At the time I was doing a senior Honors research project with a professor I had taken Animal Physiology with the previous spring. When I asked him for a letter of recommendation, he asked me what schools I was applying to. I said that I wasn’t sure yet. He said, “Well, don’t apply to any California schools or aim too high. You’ll never get in.” He then asked me what field I was intending to pursue and I said, “Physiology.” He said, “Oh, I don’t recommend that. Physiology has a lot of math and physics in it. You might want to try a softer field than that.” Whoa. What did he mean, “softer” field? Was this because he saw me as a woman? I had done fine in his course and I was doing Honors research in his lab.
Okay. Well, I didn’t apply to any California schools, or to Harvard or MIT. My confidence was shaken, to be sure. But, I stayed the course about Physiology. It’s what I enjoyed the most at the time. Once I made that decision, I stopped thinking about it. I lumped. Me. Physiology. Grad school. Scientist. Just do it.
Science and Profiles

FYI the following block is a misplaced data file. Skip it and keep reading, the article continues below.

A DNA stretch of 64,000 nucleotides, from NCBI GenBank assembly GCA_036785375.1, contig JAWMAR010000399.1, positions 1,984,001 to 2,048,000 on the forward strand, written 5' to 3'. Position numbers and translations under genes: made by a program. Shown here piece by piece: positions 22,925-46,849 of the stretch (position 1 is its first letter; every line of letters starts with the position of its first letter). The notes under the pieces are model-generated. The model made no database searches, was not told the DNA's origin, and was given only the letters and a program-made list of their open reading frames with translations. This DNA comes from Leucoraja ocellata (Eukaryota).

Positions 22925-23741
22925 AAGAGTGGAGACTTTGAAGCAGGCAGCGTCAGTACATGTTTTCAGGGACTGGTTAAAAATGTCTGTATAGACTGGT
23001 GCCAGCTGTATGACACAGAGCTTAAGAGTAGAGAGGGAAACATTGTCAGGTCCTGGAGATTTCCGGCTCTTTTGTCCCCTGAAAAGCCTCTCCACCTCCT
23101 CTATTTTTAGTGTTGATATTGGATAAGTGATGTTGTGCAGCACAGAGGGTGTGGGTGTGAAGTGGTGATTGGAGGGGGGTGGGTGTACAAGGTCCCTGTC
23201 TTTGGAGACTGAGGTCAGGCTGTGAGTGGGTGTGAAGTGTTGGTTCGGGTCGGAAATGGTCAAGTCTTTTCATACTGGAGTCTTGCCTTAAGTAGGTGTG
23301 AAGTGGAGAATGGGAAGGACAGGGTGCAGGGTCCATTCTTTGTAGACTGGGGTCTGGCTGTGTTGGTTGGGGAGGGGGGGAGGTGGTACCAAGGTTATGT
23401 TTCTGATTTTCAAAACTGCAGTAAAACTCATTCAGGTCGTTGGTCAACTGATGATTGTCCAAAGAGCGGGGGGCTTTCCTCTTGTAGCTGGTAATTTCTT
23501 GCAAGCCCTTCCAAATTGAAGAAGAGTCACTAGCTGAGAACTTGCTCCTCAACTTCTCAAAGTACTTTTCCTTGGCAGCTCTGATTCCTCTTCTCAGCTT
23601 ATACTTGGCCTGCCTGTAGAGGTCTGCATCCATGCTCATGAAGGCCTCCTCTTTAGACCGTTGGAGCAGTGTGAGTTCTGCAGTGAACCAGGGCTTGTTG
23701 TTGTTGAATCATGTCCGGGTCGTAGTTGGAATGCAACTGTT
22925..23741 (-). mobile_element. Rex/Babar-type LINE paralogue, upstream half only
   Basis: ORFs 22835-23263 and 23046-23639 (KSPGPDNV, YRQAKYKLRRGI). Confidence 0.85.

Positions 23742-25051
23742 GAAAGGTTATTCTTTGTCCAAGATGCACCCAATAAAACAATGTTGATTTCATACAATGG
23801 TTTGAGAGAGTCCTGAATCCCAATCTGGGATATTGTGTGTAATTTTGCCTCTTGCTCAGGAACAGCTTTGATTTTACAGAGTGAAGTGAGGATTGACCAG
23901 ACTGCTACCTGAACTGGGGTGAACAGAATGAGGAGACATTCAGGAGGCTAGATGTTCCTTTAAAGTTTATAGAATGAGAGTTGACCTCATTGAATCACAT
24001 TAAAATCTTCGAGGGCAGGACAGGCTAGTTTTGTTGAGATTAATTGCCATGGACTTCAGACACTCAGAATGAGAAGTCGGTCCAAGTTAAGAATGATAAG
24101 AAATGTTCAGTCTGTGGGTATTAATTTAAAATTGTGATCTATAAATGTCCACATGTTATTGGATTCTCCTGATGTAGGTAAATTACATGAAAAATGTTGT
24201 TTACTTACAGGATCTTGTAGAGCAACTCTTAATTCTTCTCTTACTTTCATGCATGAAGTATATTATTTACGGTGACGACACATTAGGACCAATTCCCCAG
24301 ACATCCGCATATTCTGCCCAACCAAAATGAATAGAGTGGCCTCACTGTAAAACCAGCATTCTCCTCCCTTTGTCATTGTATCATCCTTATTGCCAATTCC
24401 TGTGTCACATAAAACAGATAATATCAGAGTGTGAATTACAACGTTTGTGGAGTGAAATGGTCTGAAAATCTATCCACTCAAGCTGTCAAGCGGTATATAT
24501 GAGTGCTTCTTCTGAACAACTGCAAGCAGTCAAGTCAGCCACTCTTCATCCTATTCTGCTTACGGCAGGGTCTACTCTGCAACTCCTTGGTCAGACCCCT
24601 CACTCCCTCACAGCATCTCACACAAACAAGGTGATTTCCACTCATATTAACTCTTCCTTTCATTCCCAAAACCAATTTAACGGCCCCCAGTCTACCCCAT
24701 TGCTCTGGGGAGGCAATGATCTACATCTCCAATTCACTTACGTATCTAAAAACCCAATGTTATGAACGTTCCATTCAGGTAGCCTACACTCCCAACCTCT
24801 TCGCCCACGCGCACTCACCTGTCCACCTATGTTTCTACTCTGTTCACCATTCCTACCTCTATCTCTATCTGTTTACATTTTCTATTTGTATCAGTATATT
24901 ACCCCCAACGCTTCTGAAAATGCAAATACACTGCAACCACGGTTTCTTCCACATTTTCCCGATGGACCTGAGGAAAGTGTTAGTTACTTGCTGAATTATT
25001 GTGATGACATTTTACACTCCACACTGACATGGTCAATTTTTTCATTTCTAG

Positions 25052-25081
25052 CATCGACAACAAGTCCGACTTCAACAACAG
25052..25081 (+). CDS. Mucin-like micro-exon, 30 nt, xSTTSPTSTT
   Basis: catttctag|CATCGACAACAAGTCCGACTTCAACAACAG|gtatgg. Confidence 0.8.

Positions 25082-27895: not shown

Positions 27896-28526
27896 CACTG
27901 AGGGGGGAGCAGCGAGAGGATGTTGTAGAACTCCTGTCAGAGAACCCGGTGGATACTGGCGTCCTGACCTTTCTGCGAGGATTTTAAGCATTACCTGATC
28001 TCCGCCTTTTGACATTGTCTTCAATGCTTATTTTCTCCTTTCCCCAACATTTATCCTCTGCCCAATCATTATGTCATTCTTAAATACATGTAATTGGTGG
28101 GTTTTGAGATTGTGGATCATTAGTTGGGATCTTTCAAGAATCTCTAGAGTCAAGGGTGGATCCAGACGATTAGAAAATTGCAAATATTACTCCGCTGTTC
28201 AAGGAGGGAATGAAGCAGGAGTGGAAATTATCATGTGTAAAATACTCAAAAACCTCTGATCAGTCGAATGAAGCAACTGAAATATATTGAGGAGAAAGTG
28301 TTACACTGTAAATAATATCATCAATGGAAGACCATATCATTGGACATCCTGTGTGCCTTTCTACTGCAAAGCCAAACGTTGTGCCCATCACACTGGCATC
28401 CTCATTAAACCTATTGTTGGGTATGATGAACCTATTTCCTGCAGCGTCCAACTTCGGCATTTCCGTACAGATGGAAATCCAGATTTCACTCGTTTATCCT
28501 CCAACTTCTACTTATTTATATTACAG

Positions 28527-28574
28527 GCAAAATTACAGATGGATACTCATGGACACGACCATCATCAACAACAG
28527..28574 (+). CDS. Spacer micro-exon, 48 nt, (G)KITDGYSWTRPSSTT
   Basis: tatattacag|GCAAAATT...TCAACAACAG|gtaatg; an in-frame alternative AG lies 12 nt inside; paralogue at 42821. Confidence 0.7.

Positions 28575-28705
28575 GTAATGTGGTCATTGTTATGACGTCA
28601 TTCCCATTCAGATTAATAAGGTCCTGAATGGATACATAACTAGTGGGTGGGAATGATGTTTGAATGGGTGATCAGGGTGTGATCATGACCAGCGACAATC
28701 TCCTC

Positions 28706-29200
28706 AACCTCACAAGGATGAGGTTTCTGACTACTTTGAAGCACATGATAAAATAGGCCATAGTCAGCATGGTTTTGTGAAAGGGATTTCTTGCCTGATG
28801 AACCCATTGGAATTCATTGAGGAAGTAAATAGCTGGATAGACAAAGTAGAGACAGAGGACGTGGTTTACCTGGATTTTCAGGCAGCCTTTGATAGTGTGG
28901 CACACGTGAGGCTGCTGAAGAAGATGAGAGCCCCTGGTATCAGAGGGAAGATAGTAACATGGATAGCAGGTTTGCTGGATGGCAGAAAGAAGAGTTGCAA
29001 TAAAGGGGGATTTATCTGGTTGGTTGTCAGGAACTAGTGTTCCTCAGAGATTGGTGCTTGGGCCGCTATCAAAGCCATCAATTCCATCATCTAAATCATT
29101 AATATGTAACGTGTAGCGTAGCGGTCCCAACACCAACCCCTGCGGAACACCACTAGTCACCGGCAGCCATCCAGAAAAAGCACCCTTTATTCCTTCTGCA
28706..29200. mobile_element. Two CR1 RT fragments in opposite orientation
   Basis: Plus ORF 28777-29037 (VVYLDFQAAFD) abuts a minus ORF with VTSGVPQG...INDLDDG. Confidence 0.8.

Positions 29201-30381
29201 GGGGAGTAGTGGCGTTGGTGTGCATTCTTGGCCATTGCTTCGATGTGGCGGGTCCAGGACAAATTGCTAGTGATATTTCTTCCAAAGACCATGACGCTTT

When we want to examine something or seek to understand something new about the world, we scientists develop a strategy, a plan. We gather information that we call data or observations. For example, in the middle 1800’s, scientists were busy developing stains and dyes that they could apply to tissues of all sorts and then make small sections of the stained tissue and view them under microscopes. They were busy discovering cells. Cells of all shapes and sizes, in all tissues and organs, in plants and animals. After enough observations indicated a general principle, Theodore Schwann and Matthias Schleiden proposed that the cell was the basic functional unit of all living things. No one had seen recognizable cells in brain tissue, so the brain was thought to be the one organ made up of some goopy non-cellular substance. Until a Spanish shoemaker-turned-neuroanatomist refined a staining technique in the 1880’s that revealed that the brain, too, was made up of cells. Santiago Ramon y Cajal, the father of neurobiology, suggested that one cell type, the neuron, was the functional unit of the nervous system. Cajal’s profiling of neurons had the unwitting effect that these cells were examined and characterized with ever-higher resolution and all manner of behaviors and attributes of brain function were ascribed to them. The other major cell type—a glial cell—outnumbered neurons 10:1 and yet were thought to just serve neurons. Their very name (which means glue) suggests a kind of monochromatic, less than awesome role. Neuroscientists barely gave them a glance for close to a hundred years. The profiles of these cells limited how scientists thought about them and about how the brain works. Slowly, though, odd results and conditions, things that couldn’t be explained by a neuron-focus, showed that glia were more interesting than “glue.” The profile of glial cells changed and now a much deeper, more nuanced understanding of the brain is emerging.